Seminar Details

Iron speciation as a redox proxy in the sediments of the Gulf of Aqaba




Valeria Boyko - Dept. of Geological and Environmental Sciences, Ben Gurion of the Negev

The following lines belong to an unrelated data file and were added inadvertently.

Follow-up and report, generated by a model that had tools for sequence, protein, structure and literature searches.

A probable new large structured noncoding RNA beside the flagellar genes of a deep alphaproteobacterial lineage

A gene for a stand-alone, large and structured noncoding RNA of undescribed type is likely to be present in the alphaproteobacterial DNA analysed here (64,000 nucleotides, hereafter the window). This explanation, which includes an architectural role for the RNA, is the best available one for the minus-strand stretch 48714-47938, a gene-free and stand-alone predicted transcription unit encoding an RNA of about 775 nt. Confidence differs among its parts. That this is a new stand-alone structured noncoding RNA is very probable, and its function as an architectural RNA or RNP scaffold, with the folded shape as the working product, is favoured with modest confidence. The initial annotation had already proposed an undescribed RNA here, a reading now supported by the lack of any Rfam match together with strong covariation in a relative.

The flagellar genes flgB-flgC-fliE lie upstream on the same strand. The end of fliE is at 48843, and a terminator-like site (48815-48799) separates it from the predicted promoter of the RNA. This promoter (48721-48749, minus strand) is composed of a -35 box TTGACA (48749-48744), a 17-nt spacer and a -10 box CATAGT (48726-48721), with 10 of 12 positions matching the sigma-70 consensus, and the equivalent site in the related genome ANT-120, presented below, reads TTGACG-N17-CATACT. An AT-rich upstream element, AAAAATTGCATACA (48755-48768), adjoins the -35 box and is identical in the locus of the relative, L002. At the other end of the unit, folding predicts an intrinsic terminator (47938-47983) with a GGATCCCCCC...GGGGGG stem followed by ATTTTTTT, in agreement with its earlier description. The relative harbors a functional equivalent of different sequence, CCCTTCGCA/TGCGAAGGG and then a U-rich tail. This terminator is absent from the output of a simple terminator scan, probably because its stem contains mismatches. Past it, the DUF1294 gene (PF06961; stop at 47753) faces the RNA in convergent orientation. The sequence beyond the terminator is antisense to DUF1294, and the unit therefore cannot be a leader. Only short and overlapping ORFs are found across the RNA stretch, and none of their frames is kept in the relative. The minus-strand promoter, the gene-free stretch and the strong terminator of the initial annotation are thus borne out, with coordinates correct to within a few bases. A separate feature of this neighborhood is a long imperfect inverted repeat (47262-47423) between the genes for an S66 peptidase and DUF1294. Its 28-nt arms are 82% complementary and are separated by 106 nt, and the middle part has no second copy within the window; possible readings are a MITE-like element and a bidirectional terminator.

The iron speciation is one of the most accessible and effective inorganic paleoproxies utilized to identify depositional settings (oxic vs anoxic; ferruginous vs euxinic) in the ancient and modern marine systems and trace environmental changes throughout Earth’s evolution. This proxy is based on the distribution of iron among several fractions with different reactivity towards hydrogen sulfide. We have studied speciation of iron in the dust, dry creek sediments and sediments of the Gulf of Aqaba at various water depths in order to understand sources and transformations of iron minerals. Two sources of iron, dust and flash floods transported material, were found to possess distinct geochemical signatures: dust was found to be enriched in total and highly reactive iron relative to the sediments in creek beds. Superposition of these two sources leads to increase in content of highly reactive iron sediment with water depth. This increase, in turn, results in formation of lateral redox gradient with sulfidic pore-waters near the shore, and ferruginous-manganous pore-waters and cryptic sulfur cycling at the deeper water sites, despite increase in total organic carbon content with depth. Another result of dry aeolian deposition of desert dust to the sediments of the Gulf of Aqaba, overlaid by deep well-oxygenated waters, is anomalously high ratios of highly reactive to total iron, which are diagnostic for anoxic, iron-rich water columns.

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